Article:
Psalm 15
You will show me the paths of life, the fullness of joy before your face, and delights at your right hand until the end of time.

Yet others would say this is “your guardian angel”. So how do you distinguish between the Holy Spirit and an angel? Without this necessary clarification, it looks indeed like self-delusional imagination.

There is also the objection: I have tried asking both my guardian angel and the Holy Spirit for insight and help on various occasions, and nothing happened. I could not tell any difference between those occasions and other occasions in which I hadn’t. “God was helping you in those situations even in which you hadn’t asked for the help,” you might reply. While that’s possible, I also seem to be in the worst physical state I’ve ever been in – my life is worse than it’s ever been, all while trying to do God’s will – and it’s not clear to me that my spiritual state is better than it’s been in the past, despite my efforts to grow in virtue and knowledge. Maybe it is better and I’m just depressed from so much suffering; I’m not sure.

May you and yours be filled with loving kindness. May you and yours be well. May you and yours be peaceful and at ease. May you and yours be happy.
Having faith is very difficult and doubting is very easy, yet all we need is the faith the size of a mustard seed. Let go-let God. Take a few deep breaths and with each breath out exhale your worries away.

So how do you distinguish between the Holy Spirit and an angel?

To me it doesn’t matter because God can speak for himself or send his angel to deliver the message. In any case, it is still the Holy Spirit’s message. The difficult part is saying “yes” like Mary did to Angel Gabriel. So what the child Samuel said in the OT is, “Speak Lord, for your servant listens”, is the correct frame for our thought.

I have tried asking both my guardian angel and the Holy Spirit for insight and help on various occasions, and nothing happened.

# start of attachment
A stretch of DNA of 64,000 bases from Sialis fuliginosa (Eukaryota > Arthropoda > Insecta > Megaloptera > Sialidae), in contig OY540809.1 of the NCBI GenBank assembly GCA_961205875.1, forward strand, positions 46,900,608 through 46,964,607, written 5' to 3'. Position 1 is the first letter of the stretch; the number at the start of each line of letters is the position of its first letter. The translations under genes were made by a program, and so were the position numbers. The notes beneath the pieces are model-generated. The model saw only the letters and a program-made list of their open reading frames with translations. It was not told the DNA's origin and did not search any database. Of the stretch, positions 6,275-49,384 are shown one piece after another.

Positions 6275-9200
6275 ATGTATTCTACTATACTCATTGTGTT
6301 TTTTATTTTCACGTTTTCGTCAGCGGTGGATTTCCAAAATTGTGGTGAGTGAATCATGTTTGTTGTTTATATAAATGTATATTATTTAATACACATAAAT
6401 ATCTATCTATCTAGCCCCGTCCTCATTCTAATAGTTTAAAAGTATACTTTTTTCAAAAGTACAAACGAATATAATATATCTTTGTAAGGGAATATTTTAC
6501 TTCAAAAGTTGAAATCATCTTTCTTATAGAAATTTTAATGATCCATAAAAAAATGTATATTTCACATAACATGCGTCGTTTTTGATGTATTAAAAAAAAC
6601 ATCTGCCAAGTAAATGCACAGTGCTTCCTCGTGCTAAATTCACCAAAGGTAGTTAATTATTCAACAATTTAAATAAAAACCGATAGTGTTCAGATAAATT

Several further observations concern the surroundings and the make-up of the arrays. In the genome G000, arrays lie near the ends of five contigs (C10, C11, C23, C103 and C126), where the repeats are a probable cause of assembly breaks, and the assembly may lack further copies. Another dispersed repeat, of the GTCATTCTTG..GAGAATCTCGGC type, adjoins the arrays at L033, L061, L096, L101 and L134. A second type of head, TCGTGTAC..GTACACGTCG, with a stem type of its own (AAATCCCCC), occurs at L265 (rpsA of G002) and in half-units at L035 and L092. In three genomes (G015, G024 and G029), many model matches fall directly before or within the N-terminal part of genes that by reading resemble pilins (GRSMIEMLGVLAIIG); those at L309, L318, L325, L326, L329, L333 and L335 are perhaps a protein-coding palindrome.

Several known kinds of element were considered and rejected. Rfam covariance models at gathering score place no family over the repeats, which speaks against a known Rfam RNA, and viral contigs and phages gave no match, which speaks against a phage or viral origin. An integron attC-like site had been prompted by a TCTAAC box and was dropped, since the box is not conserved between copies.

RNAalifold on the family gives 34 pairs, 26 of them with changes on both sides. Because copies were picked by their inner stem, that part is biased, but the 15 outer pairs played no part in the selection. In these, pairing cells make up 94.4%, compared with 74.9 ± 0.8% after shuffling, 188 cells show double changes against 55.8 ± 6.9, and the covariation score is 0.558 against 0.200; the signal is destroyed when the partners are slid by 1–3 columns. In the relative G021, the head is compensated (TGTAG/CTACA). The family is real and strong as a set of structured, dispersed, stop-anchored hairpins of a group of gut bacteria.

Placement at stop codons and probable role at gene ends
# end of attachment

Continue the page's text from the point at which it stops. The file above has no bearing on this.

Again, this is only my personal insight. At times when he doesn’t answer it is because we already know the answer. At other times we don’t really want his answer because we are not ready/willing to accept it. And some times because what we ask is really not an “ask” but put in the form of a demand. To sum up, we want to hear only what we want to hear.

But a true request is sent with absolute love accompanying it, with perfect trust in him and in his devotion to us. And this may not be possible unless we put some real effort into understanding how much he truely loves us. “Ask anything in my name …” means if you ask in my name, then you must also ask in the way I asked which is “thy will be done”. And what Jesus said to his Father, “they will be done”, Jesus meant. And is the only acceptable way of the prayer of petition.

But that doesn’t mean we can’t keep praying for our request to be done in hope, but that still should end in expressing our confidence and love in him.

…and it’s not clear to me that my spiritual state is better than it’s been in the past, despite my efforts to grow in virtue and knowledge.

Yes, I agree, it is difficult to measure growth in the spiritual life especially with its ups and downs. But some have suggested that growth can be measured but not on a day to day basis. Looking back two to three years or so as we were then, and then looking at our life with God today, we should see some growth, even if it is not as much as we had hoped.

Maybe it is better and I’m just depressed from so much suffering; I’m not sure.

I’m sure it must be very depressing to suffer that way, as I know it would be for me. I don’t have a specific answer for you in this, but just know that there is an answer … It could be an number of things or combination of things goin on. I really wish I could tell you because I know you are trying your best under very much darkness.

In another post these to sites were recommended for cronic pain.

forums.catholic.com/showthread.php?t=1022736

lovecrucified.com/

It seems that there are a good number of people who suffer all the time.
I hope this might be of some interest and help.

i really like the book He and I by Gabrielle Bossis.read it, maybe it will help you?

he says to her one time,
“If you want to gain strength to make a sacrifice,
don’t look at the sacrifice. Look at My joy.”

maybe this will help you offer up your suffering.